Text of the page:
Review: <i>Ash Island</i> by Barry Maitland Review: Ash Island by Barry Maitland Dirk Robertson Read Dirk Robertson's review! <i>Inherit the Bones</i>: New Excerpt Inherit the Bones: New Excerpt Emily Littlejohn The 1st book in the Detective Gemma Monroe series. "A Christmas Tartan": New Excerpt "A Christmas Tartan": New Excerpt Paige Shelton Just $1.99! A holiday steal! Review: <i>Dracula vs. Hitler</i> by Patrick Sheane Duncan Review: Dracula vs. Hitler by Patrick Sheane Duncan Angie Barry Read Angie Barry's review!
From The Blog
October 27, 2016
The Horror Hostess with the Mostest: Elvira, Mistress of the Dark
Angie Barry
October 27, 2016
Don't Look Now: The Best Horror Film You've Never Seen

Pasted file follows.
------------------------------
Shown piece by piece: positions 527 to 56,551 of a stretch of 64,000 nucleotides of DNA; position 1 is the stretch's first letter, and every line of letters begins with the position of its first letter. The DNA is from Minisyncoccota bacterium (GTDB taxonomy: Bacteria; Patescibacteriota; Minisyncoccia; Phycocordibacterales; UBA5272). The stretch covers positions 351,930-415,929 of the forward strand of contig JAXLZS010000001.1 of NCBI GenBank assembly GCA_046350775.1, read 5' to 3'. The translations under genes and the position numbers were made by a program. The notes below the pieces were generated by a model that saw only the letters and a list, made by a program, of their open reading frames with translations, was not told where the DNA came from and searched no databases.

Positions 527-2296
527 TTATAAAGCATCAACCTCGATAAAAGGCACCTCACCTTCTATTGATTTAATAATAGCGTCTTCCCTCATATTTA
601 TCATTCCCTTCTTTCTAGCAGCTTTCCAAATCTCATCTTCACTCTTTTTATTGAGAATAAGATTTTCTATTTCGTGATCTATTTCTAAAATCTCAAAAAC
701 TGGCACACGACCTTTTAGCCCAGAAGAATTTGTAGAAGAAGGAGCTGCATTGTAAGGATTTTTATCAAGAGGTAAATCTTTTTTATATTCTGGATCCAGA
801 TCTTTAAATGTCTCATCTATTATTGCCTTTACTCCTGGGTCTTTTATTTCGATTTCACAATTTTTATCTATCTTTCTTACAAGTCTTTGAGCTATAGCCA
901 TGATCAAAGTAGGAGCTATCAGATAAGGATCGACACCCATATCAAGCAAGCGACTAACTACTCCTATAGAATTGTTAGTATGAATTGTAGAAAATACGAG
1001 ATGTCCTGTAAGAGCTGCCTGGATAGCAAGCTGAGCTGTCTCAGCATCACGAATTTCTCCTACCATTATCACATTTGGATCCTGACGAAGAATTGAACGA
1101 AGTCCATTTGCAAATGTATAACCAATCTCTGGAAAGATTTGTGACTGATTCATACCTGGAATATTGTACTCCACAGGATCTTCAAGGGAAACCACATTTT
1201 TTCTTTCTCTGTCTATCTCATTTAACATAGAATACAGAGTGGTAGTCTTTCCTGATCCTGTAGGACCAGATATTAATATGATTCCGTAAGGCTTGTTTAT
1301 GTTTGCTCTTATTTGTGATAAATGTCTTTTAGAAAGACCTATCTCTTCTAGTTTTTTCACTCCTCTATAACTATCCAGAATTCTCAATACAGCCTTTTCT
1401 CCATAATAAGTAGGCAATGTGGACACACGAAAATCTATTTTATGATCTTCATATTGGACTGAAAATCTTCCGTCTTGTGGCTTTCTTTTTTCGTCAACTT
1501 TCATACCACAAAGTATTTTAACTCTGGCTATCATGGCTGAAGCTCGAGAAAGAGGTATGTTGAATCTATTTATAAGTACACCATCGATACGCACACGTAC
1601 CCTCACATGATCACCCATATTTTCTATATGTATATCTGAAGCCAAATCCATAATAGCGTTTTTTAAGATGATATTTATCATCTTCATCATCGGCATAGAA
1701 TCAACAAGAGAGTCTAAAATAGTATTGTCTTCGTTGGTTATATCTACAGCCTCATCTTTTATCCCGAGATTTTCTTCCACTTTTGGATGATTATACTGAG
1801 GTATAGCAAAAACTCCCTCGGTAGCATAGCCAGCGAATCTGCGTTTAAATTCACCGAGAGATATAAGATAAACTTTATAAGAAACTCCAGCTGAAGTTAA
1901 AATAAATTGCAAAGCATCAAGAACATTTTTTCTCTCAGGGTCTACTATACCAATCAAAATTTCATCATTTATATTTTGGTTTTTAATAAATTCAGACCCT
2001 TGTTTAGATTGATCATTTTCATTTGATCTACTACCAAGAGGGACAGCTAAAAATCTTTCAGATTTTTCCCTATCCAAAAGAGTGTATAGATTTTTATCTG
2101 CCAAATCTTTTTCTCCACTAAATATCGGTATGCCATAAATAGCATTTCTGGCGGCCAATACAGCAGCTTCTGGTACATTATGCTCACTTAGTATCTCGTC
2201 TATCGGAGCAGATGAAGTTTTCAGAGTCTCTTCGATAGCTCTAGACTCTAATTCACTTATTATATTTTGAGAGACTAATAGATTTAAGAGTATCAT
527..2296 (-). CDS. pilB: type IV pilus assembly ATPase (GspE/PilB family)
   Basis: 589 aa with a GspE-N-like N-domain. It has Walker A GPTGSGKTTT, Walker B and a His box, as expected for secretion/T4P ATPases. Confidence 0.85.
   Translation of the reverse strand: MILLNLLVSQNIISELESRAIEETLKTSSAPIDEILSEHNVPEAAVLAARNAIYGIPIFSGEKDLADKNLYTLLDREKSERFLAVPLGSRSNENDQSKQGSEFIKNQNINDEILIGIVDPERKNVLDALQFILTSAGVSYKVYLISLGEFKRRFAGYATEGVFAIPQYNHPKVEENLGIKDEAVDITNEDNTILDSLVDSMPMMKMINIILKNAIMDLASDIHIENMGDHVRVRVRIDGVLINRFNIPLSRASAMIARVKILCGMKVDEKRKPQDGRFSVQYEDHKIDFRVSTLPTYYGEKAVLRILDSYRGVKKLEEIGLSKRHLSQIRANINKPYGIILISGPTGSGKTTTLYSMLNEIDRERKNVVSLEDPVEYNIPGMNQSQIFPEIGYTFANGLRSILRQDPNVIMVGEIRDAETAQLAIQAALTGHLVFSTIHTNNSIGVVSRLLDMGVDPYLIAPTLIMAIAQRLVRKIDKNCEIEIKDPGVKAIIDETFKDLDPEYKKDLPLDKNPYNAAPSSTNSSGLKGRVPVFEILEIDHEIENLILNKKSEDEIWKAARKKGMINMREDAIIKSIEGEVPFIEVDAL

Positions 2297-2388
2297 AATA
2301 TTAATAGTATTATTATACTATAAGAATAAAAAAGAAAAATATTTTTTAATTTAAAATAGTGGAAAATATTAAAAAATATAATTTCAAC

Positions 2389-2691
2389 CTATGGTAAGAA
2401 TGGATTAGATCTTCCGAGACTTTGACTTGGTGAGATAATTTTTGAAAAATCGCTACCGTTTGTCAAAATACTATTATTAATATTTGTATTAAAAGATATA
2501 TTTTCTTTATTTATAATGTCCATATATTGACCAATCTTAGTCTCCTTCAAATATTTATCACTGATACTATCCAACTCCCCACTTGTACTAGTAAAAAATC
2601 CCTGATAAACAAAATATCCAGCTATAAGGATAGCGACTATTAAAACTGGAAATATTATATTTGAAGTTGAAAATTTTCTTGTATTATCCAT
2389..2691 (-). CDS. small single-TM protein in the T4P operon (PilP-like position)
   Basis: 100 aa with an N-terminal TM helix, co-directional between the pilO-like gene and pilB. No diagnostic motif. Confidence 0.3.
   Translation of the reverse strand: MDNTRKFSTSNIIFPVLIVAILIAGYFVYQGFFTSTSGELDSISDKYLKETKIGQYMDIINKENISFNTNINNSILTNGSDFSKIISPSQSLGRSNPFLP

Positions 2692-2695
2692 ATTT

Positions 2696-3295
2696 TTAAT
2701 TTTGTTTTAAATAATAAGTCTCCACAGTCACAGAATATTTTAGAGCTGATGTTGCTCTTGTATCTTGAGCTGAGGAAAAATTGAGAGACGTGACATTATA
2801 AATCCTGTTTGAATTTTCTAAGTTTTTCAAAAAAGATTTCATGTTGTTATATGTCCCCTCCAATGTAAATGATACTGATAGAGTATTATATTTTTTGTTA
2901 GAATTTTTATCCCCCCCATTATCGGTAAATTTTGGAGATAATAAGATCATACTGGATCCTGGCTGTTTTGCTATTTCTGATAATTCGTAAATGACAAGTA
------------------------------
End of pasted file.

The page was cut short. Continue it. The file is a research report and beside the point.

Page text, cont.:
Peter Foy
October 26, 2016
A Series of Covers: Q&A between Charles Finch and David Rotstein
Charles Finch and David Rotstein
October 21, 2016
7 Books to Read If You Love The Walking Dead
Angie Barry
October 21, 2016
A Cozy Competition: Minotaur Books & Malice Domestic Best First Novel
Crime HQ
Oct 27 2016 5:15pm

The Horror Hostess with the Mostest: Elvira, Mistress of the Dark

Before Joel, Mike, and the Bots mocked B-movies for Mystery Science Theater...

Before Cinematic Titanic and Rifftrax...

There was the bodacious, curvaceous, outrageous Elvira.

The alter ego of Cassandra Peterson, Elvira sprang onto the scene in the early 80s, hosting late night horror flicks for a Los Angeles-based television network. It wasn't long before she busted—hold on to your butts; that won't be my last terrible pun, I promise—onto the national scene, her signature cleavage-baring dress and snarky, innuendo-laced commentary catching on with the public in a big, bosomy way.